STORY UPDATED: check for updates below.
Are Democrats in Congress trying to push through a $25 million overall raise for themselves as part of the $2.2 trillion COVID-19 and economic stimulus package? No, that is false. Congressional members and leaders of both parties - as well as both chambers - did write that amount into different versions of bills to pay for telecommunications, remote working, policing and other operations during the pandemic - but not for themselves.
Nancy Pelosi has added a $25,000,000 raise for Congress in the Coronavirus Bill.
This adds up to $46,728.97 per year for each of the 435 members of the House of Representatives and the 100 members of the Senate. Non-leadership members of Congress currently earn $172,000. This boondoggle will raise their pay to approximately $218,000 depending on how the raises are appropriated.
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Nancy Pelosi has added a $25,000,000 raise for Congress in the Coronavirus Bill. This adds up to $46,728.97 per year for each of the 435 members of the House of Representatives and the 100 members of the Senate. Non-leadership members of Congress currently earn $172,000. This boondoggle will rai
Insane? Maybe. True? Not at all. Democrats in Congress, led by Speaker of the House Nancy Pelosi, did no such thing.
Instead, the $25 million added to the package - again, being worked on by both parties in the House and the Senate - is meant to pay Congressional staffers and for other functions deemed vital during this time of national and global crisis that has most Americans working remotely.
The stimulus package is meant to boost the economy, which has spiraled since the coronavirus took hold in the U.S., and to help people pushed out of work by the global pandemic and national emergency - or for those needing help getting by during the crisis.
The story, debunked March 25, 2020, by FactCheck.org, completely misrepresents the bill, even though the article by Being Texan links to the exact bill it misread. According to Roll Call, the bill includes $93 million in cash payments. Roll Call described the breakdown this way:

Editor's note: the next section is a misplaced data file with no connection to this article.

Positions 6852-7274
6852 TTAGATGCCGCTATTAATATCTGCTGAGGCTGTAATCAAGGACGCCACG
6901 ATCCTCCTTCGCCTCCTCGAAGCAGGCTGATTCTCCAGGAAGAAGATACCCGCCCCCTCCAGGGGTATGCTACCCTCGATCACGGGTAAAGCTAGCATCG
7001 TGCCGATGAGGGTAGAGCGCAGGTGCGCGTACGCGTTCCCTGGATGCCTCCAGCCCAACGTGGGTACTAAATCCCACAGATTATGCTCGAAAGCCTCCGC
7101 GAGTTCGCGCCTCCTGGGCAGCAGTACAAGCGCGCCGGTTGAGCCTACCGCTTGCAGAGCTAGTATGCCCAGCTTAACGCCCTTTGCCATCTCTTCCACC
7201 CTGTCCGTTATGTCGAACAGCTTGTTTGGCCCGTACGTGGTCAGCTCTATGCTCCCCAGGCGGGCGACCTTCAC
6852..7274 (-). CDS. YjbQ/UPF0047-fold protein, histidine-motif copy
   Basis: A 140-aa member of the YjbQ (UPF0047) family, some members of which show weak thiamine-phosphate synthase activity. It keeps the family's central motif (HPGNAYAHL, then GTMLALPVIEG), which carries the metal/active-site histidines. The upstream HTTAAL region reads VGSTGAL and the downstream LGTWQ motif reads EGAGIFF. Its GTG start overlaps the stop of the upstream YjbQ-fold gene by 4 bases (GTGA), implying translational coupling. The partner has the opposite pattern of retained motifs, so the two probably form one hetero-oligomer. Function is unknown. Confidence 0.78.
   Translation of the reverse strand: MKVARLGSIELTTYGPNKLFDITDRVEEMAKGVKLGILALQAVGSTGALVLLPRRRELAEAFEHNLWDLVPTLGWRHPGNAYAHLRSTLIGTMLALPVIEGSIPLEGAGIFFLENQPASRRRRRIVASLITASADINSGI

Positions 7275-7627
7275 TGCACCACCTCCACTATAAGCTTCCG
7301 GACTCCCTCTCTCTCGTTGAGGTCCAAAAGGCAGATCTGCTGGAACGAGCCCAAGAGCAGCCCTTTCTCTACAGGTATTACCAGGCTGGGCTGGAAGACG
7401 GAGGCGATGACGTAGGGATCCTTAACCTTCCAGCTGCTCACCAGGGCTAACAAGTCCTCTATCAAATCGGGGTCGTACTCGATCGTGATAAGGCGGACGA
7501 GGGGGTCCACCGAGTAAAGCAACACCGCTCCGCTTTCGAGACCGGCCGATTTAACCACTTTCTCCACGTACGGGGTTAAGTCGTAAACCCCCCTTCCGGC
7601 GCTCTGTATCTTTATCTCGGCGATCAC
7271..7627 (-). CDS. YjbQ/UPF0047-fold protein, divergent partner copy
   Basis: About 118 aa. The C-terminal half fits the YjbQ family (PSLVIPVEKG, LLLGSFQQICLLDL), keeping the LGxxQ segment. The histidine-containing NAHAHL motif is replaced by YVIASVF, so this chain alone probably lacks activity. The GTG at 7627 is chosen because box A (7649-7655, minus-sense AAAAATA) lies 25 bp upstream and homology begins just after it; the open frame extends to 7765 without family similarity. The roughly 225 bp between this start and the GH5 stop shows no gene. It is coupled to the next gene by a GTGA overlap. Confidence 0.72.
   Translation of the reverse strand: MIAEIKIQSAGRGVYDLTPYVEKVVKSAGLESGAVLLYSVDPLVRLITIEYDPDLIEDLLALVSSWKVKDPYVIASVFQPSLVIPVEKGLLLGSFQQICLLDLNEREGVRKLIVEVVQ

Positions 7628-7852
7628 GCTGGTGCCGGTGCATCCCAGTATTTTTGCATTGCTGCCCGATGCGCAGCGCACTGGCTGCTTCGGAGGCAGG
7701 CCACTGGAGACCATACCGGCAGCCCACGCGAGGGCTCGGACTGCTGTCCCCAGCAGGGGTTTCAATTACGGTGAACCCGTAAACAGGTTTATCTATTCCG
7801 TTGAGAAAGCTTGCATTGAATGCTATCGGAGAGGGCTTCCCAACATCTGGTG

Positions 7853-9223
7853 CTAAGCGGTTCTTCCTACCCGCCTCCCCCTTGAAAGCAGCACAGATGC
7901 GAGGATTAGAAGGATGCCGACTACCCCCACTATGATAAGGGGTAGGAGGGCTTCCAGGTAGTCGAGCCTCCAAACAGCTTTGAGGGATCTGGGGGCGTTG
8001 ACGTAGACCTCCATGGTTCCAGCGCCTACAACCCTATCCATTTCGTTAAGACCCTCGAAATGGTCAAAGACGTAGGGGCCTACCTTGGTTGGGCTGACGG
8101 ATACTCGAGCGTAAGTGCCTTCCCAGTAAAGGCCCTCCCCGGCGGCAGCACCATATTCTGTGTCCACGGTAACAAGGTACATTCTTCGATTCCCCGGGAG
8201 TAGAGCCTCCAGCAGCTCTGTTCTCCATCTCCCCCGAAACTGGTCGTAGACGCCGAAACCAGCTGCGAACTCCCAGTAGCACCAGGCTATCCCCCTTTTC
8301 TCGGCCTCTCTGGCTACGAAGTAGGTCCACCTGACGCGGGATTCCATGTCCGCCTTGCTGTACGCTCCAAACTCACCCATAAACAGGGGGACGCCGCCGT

Legislative Branch agencies would get a $93.1 million infusion of cash through the emergency economic relief bill to mitigate the novel coronavirus, including millions to both help offices shift to working remotely and to sanitize the Capitol complex.
The funds are included in the nearly $2 trillion package agreed to early Wednesday by Senate leaders and the White House. For the Legislative Branch portion of the bill, the Senate is slated to get $10 million -- $1 million of those funds would be sent to the sergeant-at-arms to cover teleworking costs for committees and offices. The rest is expected to be allocated to covering costs associated with emergency coronavirus-related needs, including the authority to reimburse costs for workers at the Senate Employees Child Care Center.
Note the section on House payments in the Roll Call story (emphasis added):
The House would get $25 million to fund the chamber's remote work and to purchase supplies for employees to make working from home more efficient. Money is also available to pay restaurant workers and vendors for food and service contracts and for employees and costs associated with the House Child Care Center.
The rest of the $93.1 million would be split as follows, according to Roll Call:
The Architect of the Capitol will receive $25 million to, in part, buy cleaning supplies in bulk and distribute them and to fund service contracts, especially to make payments to its contractors if the pandemic prevents them from working, either because of furloughs or lack of access to the Capitol.
Capitol Police would get $12 million to maintain staffing levels to protect and secure the Capitol grounds. This amount also includes funding to cover remote working and contract support for a reduced workforce on the ground.
The Government Accountability Office would get $20 million to conduct oversight of funding for the federal response to the coronavirus pandemic. This amount also will go toward salaries and reimbursing staff costs at the GAO's child care center.
The Library of Congress would get $700,000 to reimburse child care staff, and the Office of the Attending Physician would get $400,000 to support its purchasing of medical supplies and personal protective equipment.
2020-03-26T23:43:46Z 2020-03-26T23:43:46ZUpdate 7pET Thursday, March 26, 2020: adding quote from House Appropriations Committee Spokesman